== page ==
RAND PAUL LEARNS HOW NOT TO ANSWER A QUESTION…. Senate hopeful Rand Paul has generally been loath to talk to reporters lately — they keep asking pesky questions about his beliefs and background — but the estimable Dave Weigel was able to chat with the Kentucky Republican yesterday.
In particular, Dave asked whether Paul supports the $20 billion fund President Obama secured from BP for victims of the oil spill disaster. Paul replied:
“Well, I don’t think there are many people who don’t believe in any regulations, myself included, and even my dad — I don’t think you’ll hear him say he doesn’t believe in any regulation. But I’m not sure I have the answer to that, sincerely. I think everyone in the country wants BP to pay for the clean-up, myself concluded. I’ve never had any argument with that — it’s amazing how you say things and they get blown into things you didn’t say! I’m not even sure I can talk to some people anymore because they take things out of context.”
Those are a lot of words loosely related to the fund, but it didn’t answer the question. So, Dave tried again.
“There should be some regulations, but I want to do it in a rational, reasonable way, and ask: Did they obey the regulations? Do we not have enough regulation, and do we need two blow-out preventers from now on? These are the things scientists and inventors should tell us. Should we be drilling at that level? There are a lot of issues, but we shouldn’t react in an emotional way and say no more drilling. I see some of that emotionalism happening because the president feels trapped — his advisers say you’ve got to be tough, you’ve got to have tough language. I’m not sure that’s a rational way to handle this.”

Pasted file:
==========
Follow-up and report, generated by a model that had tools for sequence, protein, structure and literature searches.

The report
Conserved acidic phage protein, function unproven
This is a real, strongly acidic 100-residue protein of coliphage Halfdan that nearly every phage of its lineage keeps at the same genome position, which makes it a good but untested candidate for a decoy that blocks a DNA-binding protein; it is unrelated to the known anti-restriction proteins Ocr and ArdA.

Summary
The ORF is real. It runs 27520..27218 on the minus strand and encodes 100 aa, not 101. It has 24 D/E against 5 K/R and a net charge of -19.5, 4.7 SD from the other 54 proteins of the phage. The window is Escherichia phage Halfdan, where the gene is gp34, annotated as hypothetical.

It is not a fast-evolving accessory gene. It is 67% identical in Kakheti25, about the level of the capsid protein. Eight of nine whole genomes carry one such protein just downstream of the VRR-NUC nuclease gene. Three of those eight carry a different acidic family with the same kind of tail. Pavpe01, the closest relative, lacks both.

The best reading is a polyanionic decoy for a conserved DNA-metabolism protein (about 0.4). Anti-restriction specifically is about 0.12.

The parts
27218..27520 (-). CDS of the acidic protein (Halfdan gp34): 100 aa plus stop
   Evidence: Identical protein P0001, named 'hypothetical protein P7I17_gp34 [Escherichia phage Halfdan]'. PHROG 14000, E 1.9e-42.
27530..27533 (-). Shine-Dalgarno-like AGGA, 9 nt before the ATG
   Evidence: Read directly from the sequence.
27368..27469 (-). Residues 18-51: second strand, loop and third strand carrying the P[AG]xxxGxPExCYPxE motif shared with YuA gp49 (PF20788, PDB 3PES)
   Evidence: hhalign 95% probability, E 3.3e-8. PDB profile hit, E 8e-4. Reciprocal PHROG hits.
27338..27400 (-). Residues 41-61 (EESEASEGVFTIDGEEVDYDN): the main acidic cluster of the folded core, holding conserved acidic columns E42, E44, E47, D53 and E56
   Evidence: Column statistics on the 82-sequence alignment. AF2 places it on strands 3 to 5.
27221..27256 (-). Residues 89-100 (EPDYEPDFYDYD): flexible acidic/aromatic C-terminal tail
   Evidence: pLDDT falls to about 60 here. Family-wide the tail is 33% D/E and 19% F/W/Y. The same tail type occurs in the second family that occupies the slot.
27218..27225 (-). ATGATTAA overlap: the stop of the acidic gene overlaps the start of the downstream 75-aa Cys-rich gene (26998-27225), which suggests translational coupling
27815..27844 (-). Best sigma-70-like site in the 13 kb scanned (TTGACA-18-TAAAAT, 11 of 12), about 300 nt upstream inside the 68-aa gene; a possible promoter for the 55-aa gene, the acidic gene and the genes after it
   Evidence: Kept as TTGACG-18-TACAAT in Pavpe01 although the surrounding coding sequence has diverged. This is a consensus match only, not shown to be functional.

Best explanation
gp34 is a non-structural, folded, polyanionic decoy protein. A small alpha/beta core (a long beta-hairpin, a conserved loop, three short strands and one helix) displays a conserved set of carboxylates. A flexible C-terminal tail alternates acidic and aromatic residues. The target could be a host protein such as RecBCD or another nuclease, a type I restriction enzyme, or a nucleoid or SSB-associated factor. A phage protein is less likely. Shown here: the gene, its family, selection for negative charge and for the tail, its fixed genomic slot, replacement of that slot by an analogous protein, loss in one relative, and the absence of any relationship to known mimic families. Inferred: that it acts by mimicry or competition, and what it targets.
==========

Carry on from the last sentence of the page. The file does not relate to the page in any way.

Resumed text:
Still unclear, Dave tried a third time, asking, “To finish up, though: Do you oppose the fund?”
“I was listening to some people on the Hill today, and they were looking for the justification for setting it up. I don’t know what the legal justification is — I’m not an expert in whether Congress has to give you authority or the president has authority to do it. Those issues take research and time, and I’m not going to make an off-the-cuff response.
I haven’t spoken to Paul directly, but from what I can tell, he’s an extremist, but he’s savvy enough to know that extremists have trouble getting elected to statewide office. Paul holds radical beliefs, but he’s not so detached from reality that he thinks his brand of radicalism is popular.
What’s evident, then, is that Rand Paul has learned how not to answer questions. Given his bizarre and offensive worldview, it’s a quality he’ll have to cling to if he expects to prevail in November.